One of the key issues at stake concerns corruption in the elite, which is a persistent bug-bear of Opposition MPs (and the population as a whole). Specifically, they wanted to protest the prosecution of an MP (Faisal Mislem) who showed a copy of a cheque for £400,000 from the Prime Minister to a former MP. At the time this caused a huge furore, not only because it was a flagrant accusation of bribery by the (Royal) Prime Minister but also because it was hugely embarrassing for him.

Before the protest, earlier in the day Emir Sabah Al Sabah, had warned that protests could be held within MPs houses or Diwaniyyas (meetings) but were not allowed to spill out onto the streets. This is something of a legal ‘sticking point’. A 2006 declaration by Kuwait’s constitutional court clearly states that rallies may be held without government approval. The Emir is trying to lightly back-peddle on this by suggesting that while this is true, this does not give some kind of carte blanche for any and all protests to take place.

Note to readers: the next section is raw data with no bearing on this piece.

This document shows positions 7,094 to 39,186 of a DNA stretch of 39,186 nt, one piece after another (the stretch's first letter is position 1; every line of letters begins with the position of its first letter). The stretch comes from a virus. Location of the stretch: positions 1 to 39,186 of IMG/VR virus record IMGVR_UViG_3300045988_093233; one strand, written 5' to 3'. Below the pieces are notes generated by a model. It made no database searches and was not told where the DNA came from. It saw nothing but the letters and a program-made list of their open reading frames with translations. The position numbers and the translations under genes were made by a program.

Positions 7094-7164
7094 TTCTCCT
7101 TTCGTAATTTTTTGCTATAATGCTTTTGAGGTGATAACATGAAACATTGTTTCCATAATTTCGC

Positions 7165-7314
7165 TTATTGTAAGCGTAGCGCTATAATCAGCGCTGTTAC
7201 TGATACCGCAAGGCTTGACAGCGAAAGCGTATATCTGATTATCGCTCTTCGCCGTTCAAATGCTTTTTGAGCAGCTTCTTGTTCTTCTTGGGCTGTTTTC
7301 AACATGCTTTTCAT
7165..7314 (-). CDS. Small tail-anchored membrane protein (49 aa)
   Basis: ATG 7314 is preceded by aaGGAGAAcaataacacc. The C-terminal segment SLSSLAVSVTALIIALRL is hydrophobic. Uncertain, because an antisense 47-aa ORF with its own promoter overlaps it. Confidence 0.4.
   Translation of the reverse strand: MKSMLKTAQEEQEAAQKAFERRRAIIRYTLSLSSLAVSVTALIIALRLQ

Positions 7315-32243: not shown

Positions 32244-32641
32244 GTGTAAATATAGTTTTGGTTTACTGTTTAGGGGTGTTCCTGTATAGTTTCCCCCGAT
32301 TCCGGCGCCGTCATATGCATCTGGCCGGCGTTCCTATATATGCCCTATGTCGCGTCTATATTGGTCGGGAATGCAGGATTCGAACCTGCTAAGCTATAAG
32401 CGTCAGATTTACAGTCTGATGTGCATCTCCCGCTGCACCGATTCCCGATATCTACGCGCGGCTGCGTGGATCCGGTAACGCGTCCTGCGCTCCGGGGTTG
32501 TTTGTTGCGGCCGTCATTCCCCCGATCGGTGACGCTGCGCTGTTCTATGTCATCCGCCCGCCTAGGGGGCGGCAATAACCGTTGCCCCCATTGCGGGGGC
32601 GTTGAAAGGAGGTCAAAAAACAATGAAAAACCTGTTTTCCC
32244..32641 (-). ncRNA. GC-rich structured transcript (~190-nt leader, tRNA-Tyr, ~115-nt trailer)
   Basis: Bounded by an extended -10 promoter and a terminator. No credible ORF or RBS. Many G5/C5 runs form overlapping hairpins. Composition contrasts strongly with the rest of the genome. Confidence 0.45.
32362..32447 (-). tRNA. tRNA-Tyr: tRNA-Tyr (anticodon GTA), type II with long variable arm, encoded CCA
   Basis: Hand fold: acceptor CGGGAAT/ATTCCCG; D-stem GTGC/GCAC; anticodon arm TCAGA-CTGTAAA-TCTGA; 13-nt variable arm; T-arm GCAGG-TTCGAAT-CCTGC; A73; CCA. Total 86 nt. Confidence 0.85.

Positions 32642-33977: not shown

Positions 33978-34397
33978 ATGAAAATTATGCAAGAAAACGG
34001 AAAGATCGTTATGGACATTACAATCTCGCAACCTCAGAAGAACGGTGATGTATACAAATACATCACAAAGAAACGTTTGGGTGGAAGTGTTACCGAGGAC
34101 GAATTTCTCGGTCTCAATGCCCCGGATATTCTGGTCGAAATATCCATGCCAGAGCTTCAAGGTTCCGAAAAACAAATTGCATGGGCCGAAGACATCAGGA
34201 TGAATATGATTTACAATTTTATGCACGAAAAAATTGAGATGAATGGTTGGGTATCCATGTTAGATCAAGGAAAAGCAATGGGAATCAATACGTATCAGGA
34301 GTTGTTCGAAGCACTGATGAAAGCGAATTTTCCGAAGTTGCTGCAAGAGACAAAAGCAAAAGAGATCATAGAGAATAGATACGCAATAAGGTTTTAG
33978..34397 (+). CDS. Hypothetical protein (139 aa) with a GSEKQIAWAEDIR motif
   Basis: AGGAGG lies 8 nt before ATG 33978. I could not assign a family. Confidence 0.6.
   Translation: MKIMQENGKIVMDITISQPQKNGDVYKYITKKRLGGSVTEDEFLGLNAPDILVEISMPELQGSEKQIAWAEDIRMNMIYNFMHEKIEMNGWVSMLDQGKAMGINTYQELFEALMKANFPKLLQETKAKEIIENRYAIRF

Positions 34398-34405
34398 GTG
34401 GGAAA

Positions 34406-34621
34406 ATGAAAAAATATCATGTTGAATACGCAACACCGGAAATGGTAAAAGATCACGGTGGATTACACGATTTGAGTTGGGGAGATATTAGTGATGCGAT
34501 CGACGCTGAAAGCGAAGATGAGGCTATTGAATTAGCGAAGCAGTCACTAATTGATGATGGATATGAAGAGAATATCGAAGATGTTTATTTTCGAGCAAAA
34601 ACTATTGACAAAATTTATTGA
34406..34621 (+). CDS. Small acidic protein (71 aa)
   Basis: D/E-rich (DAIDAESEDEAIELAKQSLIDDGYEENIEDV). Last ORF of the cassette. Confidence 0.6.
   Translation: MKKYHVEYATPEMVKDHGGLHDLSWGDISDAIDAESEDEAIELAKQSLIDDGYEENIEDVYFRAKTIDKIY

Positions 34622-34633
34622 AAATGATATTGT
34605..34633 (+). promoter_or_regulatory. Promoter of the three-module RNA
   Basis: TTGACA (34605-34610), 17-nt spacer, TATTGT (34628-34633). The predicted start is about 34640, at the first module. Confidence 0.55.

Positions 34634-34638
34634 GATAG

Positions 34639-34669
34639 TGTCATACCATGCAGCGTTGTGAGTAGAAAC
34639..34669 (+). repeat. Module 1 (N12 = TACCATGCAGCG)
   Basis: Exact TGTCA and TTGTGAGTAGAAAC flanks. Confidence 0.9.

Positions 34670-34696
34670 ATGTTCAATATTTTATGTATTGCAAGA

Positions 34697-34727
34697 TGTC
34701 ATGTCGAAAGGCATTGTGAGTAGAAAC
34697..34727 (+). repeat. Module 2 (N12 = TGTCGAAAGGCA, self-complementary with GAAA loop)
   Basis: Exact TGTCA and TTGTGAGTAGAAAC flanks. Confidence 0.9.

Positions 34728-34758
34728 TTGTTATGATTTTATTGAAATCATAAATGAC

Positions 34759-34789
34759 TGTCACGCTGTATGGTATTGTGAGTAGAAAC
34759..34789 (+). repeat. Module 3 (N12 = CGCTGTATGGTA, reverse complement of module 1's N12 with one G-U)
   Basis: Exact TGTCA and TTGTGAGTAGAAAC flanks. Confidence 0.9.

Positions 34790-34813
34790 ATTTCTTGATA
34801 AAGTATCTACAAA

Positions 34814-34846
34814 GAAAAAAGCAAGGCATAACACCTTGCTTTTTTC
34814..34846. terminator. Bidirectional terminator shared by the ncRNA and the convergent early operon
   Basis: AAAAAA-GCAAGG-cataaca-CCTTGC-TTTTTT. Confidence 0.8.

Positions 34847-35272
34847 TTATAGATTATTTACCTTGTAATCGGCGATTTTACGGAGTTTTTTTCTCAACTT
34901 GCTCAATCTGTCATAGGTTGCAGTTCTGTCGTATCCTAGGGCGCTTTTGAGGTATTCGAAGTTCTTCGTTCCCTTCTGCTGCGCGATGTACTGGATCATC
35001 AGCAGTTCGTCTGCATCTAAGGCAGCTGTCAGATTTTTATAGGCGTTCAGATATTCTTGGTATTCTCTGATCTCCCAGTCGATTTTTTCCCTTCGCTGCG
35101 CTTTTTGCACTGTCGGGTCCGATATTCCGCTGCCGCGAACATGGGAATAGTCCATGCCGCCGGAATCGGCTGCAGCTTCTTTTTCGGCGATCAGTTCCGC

Given such clear backing and instruction from the Emir, it is believed that the unpopular Prime Minister gave the order for the Special Forces to intervene.

MPs plan to ‘grill’ (interpolate) the Prime Minister on this subject today in what will certainly be a heated session. They broke the taboo allowing them to interrogate the Royal PM this time last year. This ushered in a period of relative calm and productivity in the Parliament. Previously, MPs wilfully sought to ‘grill’ the PM knowing full-well that doing do would force the Emir to dissolve the Parliament. A key corollary of this harmful atmosphere in the Parliament was that much needed economic reform packages were consistently delayed. Though they have gone through now in the past 12 months as a sign of improving tensions, many are yet to come into legal force.

There must surely be fears in Kuwait that this latest spat could, once again, escalate tensions between the Government and the Parliament. The fall out of this could be a return to the bitter and acrimonious politics of recent years in Kuwait where the difficult decisions that need to be taken regarding Kuwait’s economy and infrastructure once again fall victim to the febrile atmosphere of partisan politics and dissention.